It is difficult to deny that these three terms are becoming increasingly visible in the language of business:
- Customer Service
- Customer Experience
- Customer Centricity
I say that they are becoming increasingly visible – in reality, organisations have been throwing them all around like ‘confetti’ for many years now. To a degree, all of them have merged into one as business leader after business leader has tried to convince its employees and customers that they are serious about the one consistent word in all three phrases – ‘the customer’!
Despite their increasing use, it is important that no-one assumes the people using them understand their real meaning. So often I hear one or all three being incorporated into business presentations, but it is sometimes clear that there is a lack of understanding of their true meaning. Even though the difference between service, experience and centricity may be obvious to some, we must never assume it is to all. That is why I think it is worth creating a simple resource to help those who would like a reference to demonstrate the difference. So here goes:
Let’s start with Customer Service – the two words that have been embedded in the way organisations work for decades. Customer Services is NOT Customer Experience. Whilst many definitions will exist to describe it, this one is as good as any:
“The assistance and advice provided by a company to those people who buy or use its products or services”
Many business leaders think that Customer Service IS Customer Experience – they seem to consider that customer perception of their brands is the sole responsibility of the Customer Service function. Without wanting to sound blunt, it is NOT. Customer Service is just ONE of the many business functions who are responsible for delivering the ‘end to end experience’ to customers. Sales; Marketing; Operations; Finance; HR etc.. are all equally as responsible for bringing the ‘customer journey’ to life.
So what is Customer Experience?
Customer Experience is very simply explained as EVERYTHING an organisation does to deliver the ‘end to end experience’ to a customer. From advertising; to PR and media; to sponsorship; to websites and apps; to physical interactions (stores and branches); to products; to documentation; to employee behaviour; to communication; to Customer Service etc… Again, there are many publicly available definitions of Customer Experience, but this one is as good as any:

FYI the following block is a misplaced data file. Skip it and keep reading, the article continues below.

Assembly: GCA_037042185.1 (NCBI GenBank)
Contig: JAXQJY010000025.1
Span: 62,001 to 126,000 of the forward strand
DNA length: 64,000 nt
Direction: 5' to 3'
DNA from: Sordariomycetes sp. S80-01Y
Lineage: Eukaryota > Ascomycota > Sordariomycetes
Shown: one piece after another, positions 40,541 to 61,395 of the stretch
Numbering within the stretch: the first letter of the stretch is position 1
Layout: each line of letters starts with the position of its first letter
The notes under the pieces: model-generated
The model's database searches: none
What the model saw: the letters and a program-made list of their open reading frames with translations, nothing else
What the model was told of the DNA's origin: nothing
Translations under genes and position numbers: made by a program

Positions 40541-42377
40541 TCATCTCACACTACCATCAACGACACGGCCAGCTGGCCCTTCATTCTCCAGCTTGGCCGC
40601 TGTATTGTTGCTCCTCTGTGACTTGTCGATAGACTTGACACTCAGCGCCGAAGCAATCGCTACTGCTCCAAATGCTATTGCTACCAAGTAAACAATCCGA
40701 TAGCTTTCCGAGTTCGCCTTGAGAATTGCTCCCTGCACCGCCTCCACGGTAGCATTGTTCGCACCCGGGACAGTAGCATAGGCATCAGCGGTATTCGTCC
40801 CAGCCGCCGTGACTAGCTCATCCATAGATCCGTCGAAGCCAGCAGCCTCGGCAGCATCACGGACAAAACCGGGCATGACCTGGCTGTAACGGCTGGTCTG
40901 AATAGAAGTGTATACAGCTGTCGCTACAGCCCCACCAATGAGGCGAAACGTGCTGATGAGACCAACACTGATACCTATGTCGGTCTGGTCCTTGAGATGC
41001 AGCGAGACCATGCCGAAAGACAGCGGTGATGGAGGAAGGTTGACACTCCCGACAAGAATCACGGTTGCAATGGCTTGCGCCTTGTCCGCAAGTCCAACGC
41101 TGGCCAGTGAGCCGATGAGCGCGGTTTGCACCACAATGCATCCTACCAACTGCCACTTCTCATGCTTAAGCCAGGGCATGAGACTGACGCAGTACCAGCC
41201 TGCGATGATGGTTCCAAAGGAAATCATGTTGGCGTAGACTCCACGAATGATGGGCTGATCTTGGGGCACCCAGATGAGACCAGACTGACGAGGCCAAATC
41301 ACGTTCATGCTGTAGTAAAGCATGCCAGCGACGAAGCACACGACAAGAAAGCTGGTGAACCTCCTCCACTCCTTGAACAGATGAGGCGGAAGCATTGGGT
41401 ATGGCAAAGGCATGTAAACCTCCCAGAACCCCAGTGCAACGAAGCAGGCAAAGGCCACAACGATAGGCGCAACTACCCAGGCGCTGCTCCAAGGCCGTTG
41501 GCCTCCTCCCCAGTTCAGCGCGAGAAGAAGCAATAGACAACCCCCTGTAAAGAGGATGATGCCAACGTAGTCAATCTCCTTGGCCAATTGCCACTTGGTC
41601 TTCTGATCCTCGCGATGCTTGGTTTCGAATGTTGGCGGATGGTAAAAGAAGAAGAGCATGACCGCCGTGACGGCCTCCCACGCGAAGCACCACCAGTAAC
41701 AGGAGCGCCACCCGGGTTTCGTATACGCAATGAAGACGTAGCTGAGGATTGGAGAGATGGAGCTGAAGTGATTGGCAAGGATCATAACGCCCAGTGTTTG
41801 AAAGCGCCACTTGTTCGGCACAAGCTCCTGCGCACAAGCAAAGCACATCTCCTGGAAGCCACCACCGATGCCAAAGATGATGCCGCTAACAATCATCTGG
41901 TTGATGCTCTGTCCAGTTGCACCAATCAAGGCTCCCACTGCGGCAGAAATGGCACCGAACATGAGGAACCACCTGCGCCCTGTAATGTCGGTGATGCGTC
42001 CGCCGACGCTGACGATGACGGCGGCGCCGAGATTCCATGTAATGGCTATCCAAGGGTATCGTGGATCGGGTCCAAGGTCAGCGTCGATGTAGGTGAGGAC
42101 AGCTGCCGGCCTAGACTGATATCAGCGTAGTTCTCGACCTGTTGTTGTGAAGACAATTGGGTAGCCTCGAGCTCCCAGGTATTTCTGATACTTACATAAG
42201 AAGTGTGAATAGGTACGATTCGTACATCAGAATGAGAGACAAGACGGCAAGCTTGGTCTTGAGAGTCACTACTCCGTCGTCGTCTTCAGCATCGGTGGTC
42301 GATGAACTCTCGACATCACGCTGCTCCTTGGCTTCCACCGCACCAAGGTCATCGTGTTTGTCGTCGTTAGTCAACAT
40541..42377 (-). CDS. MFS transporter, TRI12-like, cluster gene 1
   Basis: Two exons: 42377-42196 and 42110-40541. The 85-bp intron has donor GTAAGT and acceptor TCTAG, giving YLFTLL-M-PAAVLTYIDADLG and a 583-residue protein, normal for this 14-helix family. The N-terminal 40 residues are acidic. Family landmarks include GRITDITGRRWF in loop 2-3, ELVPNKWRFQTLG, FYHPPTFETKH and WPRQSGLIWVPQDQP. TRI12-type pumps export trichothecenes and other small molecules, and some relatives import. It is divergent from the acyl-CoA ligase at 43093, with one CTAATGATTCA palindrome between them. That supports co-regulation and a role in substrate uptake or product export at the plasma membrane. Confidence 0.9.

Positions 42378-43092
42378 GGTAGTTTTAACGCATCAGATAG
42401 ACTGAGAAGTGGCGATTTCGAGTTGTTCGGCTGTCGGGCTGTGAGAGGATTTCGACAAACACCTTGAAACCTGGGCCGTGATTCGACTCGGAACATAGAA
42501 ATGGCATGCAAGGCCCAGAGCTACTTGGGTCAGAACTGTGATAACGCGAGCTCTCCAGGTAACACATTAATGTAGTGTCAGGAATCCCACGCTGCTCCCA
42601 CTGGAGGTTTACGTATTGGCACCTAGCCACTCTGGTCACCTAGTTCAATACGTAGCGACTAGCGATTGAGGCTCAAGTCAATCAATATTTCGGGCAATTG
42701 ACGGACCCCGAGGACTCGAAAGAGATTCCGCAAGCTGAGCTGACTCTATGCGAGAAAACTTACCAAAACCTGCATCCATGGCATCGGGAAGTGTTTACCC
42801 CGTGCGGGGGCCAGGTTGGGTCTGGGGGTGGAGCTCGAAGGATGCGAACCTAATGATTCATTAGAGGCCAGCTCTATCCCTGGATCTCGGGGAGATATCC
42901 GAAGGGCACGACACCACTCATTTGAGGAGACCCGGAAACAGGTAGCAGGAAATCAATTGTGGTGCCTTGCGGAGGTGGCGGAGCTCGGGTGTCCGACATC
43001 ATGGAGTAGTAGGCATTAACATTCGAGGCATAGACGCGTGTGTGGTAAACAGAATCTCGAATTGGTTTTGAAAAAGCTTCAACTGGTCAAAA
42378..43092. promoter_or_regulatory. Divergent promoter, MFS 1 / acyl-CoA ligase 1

“Customer experience is the sum of all experiences a customer has with a supplier of goods and/or services, over the duration of their relationship with that supplier. This can include awareness, discovery, attraction, interaction, purchase, use, cultivation and advocacy”
It is vitally important to understand the true meaning of Customer Experience. The reason why it is becoming more and more significant for businesses all around the world is the fact that many are finally realising that they have been delivering Customer Experiences since the beginning of time! That is right – your organisation has always delivered an experience – yet it is only now that businesses are opening their eyes to the importance of the ‘end to end Customer Experience’. This has led to an increase in companies talking about it.
However… this is where the link to the last ‘customer’ term comes in. Every business has ALWAYS had a Customer Experience….BUT….just acknowledging that and starting to talk about the Customer Experience does NOT make you Customer Centric! So let’s explore this final term:
Every business is likely to have a Customer Service ‘function’. As I have just stated – all organisations have always delivered Customer Experiences (albeit in the main, subconsciously!!) – yet just having a Customer Service function and delivering Customer Experiences DOES NOT make an organisation Customer Centric! The rise of businesses talking about Customer Experience may be kidding some into BELIEVING they are operating in a Customer Centric way. However, to be truly Customer Centric, it would mean that an organisation does the following:
“Putting customer focus at the heart of everything you do, in order to achieve customer satisfaction and loyalty”
In other words, every time a business makes a decision – whether it be a tactical or strategic decision – it does so considering the effect that decision will have on the customer. Sounds simple right? Wrong! I have literally asked hundreds of business professionals all over the world (most of whom have some role to play in Customer Experience) if this is what their business does – I would say that 99% of those people shake their heads and say NO. It is not because people do not want to do this – do not want to be Customer Centric. The reality is that most organisations are still not able to allow/enable their people to truly be Customer Centric.
Becoming a truly Customer Centric organisation is what will ultimately enable organisations to consistently deliver Customer Experiences that meet and sometimes exceed the expectation of Customers. It is not an easy thing to do. It requires committed leadership, courage and a number of specialist competencies. The Customer Experience ‘Profession’ is steadily developing the competencies to help businesses deploy frameworks to better manage the Customer Experience. Yet to deliver great Customer Experiences, all functions; all roles; need to also continually develop their expertise to become better at doing what they do. If this can be done AT THE SAME time as all functions becoming more aware of the role they play in delivering the Customer Experience ‘collaboratively’, then consumers should start noticing the difference!